In 2021 Vermont had the highest percentage of inbound migration of any state in the country according to United Van Lines. That is good news for a state willing to pay people to come. The challenge is that the newly arrived found themselves at the mercy of an inhospitable housing market. Not only were there few homes, the homes found were expensive, and were on the market for uncharacteristically short periods of time.

The “issue” is commonly referred to as Vermont’s affordable housing crisis. Which, to most Vermonters, means housing targeted at the low and middle-income earners. But the crisis is now well beyond that demographic. There are few bargains to be found and there is a general hesitancy for an existing homeowner in Vermont to sell, if the objective is to buy another home in Vermont. The housing stock is not available and what is available has soared in price.

It is a great time to sell, just a lousy time to buy.

The pandemic is responsible for part of the problem. Vermont was one of the spots to move to because of its proximity to population centers and its relative safety. Working remotely also played to our advantage. Between 2019 and 2021, the average price for a single-family home shot up roughly 40 percent.

The influx of newcomers and the jump in prices should have spurred the demand side of the growth equation. It hasn’t. 

In the 1980s - when the demand was far less - we were still building about 3,000 homes a year. Now, we are building about 400 homes annually and have for a decade. 

What did we think was going to happen?

It is the crisis de jour. It is the governor’s top priority. Legislators agree. Municipalities talk about it with their elected boards. Ideas are a dime a dozen, including incentive programs to rebuild the trades profession and federal money to subsidize housing projects. Large employers are even looking at the need to subsidize housing for their employees and to take on the task themselves.

But at most levels, the housing crisis has been focused on the affordable end of the spectrum and how it can be addressed through the state’s non-profits. No one denies the importance of affordable housing, but there is more to it, and the challenges [and opportunities] vary according to region and stakeholders. What applies in Chittenden County doesn’t apply in Orleans.

Burlington, for example, has about 20 percent of its medium-priced homes being bought by investors motivated to flip them to Airbnbs. That removes a sizable portion of the housing stock from the market for those looking for single-family homes. That trend is also present in the state’s ski areas, but, for example, not so much in Franklin County, or other more rural areas.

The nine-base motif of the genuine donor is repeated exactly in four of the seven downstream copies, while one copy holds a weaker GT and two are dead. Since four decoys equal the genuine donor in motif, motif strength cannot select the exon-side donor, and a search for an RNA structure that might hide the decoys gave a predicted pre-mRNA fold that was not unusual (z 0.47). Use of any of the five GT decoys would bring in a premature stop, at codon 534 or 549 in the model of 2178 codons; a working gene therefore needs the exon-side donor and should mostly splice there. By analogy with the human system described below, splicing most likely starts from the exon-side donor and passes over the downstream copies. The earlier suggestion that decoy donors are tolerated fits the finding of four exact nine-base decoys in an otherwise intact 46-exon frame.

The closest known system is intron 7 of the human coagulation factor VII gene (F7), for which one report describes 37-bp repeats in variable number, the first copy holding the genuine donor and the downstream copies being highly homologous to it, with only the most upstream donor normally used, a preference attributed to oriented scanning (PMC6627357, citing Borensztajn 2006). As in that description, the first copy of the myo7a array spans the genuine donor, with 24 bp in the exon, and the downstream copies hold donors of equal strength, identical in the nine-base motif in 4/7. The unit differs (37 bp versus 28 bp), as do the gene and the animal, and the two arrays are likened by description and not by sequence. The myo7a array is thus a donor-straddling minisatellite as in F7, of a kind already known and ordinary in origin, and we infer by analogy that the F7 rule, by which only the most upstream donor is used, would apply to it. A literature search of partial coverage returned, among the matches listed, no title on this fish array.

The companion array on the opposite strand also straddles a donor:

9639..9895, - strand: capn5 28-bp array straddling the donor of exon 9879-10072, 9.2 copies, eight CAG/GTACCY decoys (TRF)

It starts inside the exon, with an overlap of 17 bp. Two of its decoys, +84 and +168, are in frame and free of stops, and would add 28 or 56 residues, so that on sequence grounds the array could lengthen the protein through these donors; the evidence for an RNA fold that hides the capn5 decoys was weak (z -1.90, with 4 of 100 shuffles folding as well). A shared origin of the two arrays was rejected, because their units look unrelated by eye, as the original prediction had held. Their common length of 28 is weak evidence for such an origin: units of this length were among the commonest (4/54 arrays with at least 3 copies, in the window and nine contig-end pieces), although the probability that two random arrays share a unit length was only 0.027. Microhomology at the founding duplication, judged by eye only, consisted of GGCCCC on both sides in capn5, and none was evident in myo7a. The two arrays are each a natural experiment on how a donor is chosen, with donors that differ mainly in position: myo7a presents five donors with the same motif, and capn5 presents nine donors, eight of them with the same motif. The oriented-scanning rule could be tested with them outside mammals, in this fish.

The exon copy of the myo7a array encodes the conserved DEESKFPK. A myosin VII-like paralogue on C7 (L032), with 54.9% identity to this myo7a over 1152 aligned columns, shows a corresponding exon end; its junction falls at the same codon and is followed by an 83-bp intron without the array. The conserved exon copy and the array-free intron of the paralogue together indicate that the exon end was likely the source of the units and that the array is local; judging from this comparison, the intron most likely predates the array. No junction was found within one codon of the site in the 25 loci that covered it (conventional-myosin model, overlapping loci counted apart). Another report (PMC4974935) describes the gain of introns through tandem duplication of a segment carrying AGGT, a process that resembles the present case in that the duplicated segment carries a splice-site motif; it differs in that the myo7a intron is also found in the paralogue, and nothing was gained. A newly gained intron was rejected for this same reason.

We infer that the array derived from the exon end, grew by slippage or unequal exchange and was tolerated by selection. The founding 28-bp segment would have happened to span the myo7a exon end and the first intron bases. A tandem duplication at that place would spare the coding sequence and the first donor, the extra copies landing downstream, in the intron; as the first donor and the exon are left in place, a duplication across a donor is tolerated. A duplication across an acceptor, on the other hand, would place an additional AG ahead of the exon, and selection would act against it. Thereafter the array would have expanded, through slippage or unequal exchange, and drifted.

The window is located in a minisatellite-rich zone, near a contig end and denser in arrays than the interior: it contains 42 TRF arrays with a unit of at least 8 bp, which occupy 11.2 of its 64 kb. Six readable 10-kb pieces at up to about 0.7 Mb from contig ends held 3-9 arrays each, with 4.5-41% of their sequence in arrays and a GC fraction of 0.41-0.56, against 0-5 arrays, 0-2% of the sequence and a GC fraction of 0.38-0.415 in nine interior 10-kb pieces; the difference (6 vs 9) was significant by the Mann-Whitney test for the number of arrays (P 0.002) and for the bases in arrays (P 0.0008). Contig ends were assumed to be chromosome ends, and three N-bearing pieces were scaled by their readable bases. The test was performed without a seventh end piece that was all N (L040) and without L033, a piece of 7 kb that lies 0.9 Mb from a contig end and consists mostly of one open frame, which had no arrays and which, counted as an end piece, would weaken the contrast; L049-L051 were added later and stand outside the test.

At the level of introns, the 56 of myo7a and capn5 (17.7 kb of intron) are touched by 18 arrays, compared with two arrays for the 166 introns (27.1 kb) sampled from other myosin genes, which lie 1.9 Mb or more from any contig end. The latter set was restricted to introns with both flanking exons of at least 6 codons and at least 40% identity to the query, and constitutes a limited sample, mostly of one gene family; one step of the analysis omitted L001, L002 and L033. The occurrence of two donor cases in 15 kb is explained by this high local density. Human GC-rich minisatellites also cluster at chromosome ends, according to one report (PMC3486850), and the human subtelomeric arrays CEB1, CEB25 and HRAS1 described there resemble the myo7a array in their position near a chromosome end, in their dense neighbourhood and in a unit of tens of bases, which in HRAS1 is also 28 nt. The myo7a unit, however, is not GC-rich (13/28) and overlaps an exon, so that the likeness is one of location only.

How the challenge is addressed will require different approaches, including municipalities reconsidering the zoning regulations that limit what can be built on a single building plot. It would seem obvious that the quickest and cheapest way to provide additional housing would be through measures that allowed increased density.

But it seems a stretch for our housing needs to be met any other way than through market incentives that give communities and developers the help they need to build housing developments large enough to make a difference.

Taking from the St. Albans City’s TIF model, consider the potential if St. Albans City, St. Albans Town, Georgia, or Milton [or any combination of the above] put together a TIF proposal, signed on several developers, and funded a proposed development of several hundred homes. The developer[s] make their money, people find single-family homes they can afford and ultimately the taxpayers get their money back through increased grand lists.

It would be a public-private relationship that produced the homes to families who want to live and work in Vermont, but who can’t find homes, let alone homes they can afford. This sort of approach would also be easily scaled, and targeted, to help address the state’s needs.

This approach, or something akin, is essential to consider and to do so with dispatch. The 2020 Vermont Housing Needs Assessment shows a continual decline in the number of single-family homes being built, to the point where we completely stagnate by 2025. Of the projected homes to be built, 89 percent of the increase [2,090 households] is forecast for Chittenden County. Franklin County is next with 445 households, Lamoille with 164, and Addison with 137 households. Five of our counties are slated to see a decline in the number of homes.

That sort of need should motivate our leaders to think creatively and to consider approaches other than what we have done traditionally. It’s no longer an issue of affordable housing intended for just the low income; it is housing in general. 

If we don’t address the issue, it won’t be long before people stop looking.

by Emerson Lynn

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